How drugs are valued in France.

France has a well-established health-technology-assessment system, dating back to the 1980s. The country is also a key price-reference point in Europe. As of 2017, at least 20 E.U. nations reference the list-price established by France for drug products, followed by Belgium, Denmark and Spain (18 nations).

Market-access in France has two parts. First, the country's Ministry of Health (Ministre Santé et Sécurité Sociale) sets a reimbursement-level and negotiates a price that reflects the added therapeutic value of a product. Second, the country uses a budget-cap to control national drug expenditures.

France sets its maximum reimbursement-level and price for new drugs based on a cardinal metric system reflecting the product's added-value. Each drug product receives two ratings: one reflecting the product’s actual medical benefit (SMR - Service Médical Rendu), which determines the reimbursement level, while the improvement of medical benefit (ASMR - Amélioration du service médical rendu) determines whether a price premium can be achieved or if a discount will be required.

Once launched in France, all drugs products have to be assessed by HAS (the Haute Autorité de Santé) before inclusion on a positive list of reimbursed products.

France has bargaining power with drug manufacturers. The French government runs the country's universal healthcare program, which makes it by far the largest purchaser of drugs. The Transparency Committee (Commission de la transparence, or CT) within HAS is responsible for assessing new drug products. The Committee first renders the 'actual benefit' of a new product answering the question - should the drug (or device) be reimbursed in France? This rating (SMR), amongst others, is based on the severity of a condition or disease and the product's curative potential. There are three levels of reimbursement: Important (65%), Moderate (30%) and Mild (15%). Products with insufficient evidence are not included in the positive list.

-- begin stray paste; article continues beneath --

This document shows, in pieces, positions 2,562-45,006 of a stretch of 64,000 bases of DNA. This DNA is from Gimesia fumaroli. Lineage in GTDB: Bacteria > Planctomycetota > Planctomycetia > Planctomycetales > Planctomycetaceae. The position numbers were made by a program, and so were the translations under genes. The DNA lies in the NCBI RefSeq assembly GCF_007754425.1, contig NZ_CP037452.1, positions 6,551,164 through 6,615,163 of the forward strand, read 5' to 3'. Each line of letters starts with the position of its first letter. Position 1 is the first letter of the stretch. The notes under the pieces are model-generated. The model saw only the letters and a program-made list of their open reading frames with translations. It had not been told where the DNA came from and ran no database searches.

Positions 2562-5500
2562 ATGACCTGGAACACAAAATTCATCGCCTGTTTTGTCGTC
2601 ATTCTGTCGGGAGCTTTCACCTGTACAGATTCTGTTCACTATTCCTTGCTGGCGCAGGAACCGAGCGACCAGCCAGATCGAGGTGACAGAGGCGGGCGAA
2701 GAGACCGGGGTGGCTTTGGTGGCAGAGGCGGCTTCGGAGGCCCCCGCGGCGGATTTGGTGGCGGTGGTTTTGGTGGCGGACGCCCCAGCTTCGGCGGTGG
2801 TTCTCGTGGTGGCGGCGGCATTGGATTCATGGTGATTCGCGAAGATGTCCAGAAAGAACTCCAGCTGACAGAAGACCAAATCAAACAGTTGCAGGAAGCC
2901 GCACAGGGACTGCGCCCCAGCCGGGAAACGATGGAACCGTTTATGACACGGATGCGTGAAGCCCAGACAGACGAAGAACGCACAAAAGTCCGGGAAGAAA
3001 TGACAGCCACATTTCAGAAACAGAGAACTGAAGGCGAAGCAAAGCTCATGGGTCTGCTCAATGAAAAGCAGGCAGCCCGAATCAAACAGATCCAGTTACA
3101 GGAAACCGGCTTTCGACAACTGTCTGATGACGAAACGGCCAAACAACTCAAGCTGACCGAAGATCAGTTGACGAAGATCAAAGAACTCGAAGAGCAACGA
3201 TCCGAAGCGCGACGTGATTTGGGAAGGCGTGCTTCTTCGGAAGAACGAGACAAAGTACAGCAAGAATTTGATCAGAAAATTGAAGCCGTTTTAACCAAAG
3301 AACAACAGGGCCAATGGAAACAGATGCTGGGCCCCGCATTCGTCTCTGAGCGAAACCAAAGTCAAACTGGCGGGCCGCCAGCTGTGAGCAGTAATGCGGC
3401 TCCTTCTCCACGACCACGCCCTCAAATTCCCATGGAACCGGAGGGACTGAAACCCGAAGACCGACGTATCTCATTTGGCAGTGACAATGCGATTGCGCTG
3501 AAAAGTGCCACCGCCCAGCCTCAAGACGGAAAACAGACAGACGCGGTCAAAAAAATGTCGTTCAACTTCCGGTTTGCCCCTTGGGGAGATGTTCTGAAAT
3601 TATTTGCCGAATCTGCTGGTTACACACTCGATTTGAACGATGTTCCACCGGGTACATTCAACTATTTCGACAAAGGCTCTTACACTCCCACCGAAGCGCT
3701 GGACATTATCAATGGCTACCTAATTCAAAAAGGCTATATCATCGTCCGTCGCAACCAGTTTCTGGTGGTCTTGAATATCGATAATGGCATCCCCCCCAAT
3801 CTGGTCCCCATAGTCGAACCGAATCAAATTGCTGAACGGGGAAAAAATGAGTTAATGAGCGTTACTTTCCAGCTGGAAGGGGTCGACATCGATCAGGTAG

Drug pricing in France is based on a five-point scale indicating a product's added therapeutic value – the ASMR.

Each ASMR rating has a potential impact on the (premium) price possible for a product in France. An ASMR of I to III means faster access with price notification instead of negotiations – as long as pricing is consistency with European counterparts. An ASMR of IV may possibility lead to a premium price but ASMR V products can be listed only if the costs are less than the comparators – in the range of 5 to 10 percent lower.

Over eighty-five percent (73) of new drugs launched each year in France between 2009 and 2016 offered minor to no improvement.

From 2009 through 2016, the Transparency Committee evaluated about 85 new medications per year. Less than 2 drugs (1.4 average) per year obtained an ASMR I rating. Sixty percent (51) of drugs offered no improvement.

The ratings (along side economic assessments from the Commission d’Evaluation Economique et de Santé Publique or CEESP) establishes the parameters within which the Comité économique des produits de santé (or CEPS) must negotiate maximum prices in France.

The CEPS negotiates prices so that they are neither higher nor lower than the highest or lowest prices in the United Kingdom, Germany, Italy, and Spain. For each new medication, the CEPS negotiates a five-year contract with the manufacturer that specifies the price and anticipated sales volume. Once a list price has been set based on the value of the drug, CEPS negotiates a confidential discount (10% to 30%), which is paid as a rebate to the Central Agency for Social Security Organizations.

France prohibits any further price increases after a new drug’s launch, and after five years, lowers prices and obtains additional discounts based on market competition. France also requires manufacturers to pay rebates if spending exceeds a national pharmaceutical budget-cap cap set by it's Parliament. The country recently announced a parliamentary amendment that will require drug manufacturers to disclose any public R&D funding when negotiating drug prices.

Can the United States learn from how drug prices are set in France? Yes. No matter the metric, drug prices in the U.S. are extreme. Will pharmaceutical companies risk turning their backs on the country if Americans decide to regulate drug prices. Highly unlikely. Drug Manufacturers have often warned that French-style centralized price regulation in the U.S. will results in restricted access to medicines and impact patients well-being. It hasn’t in France. And, the U.S. is the world's largest market for prescription drugs, which makes the American government's potential bargaining power enormous.

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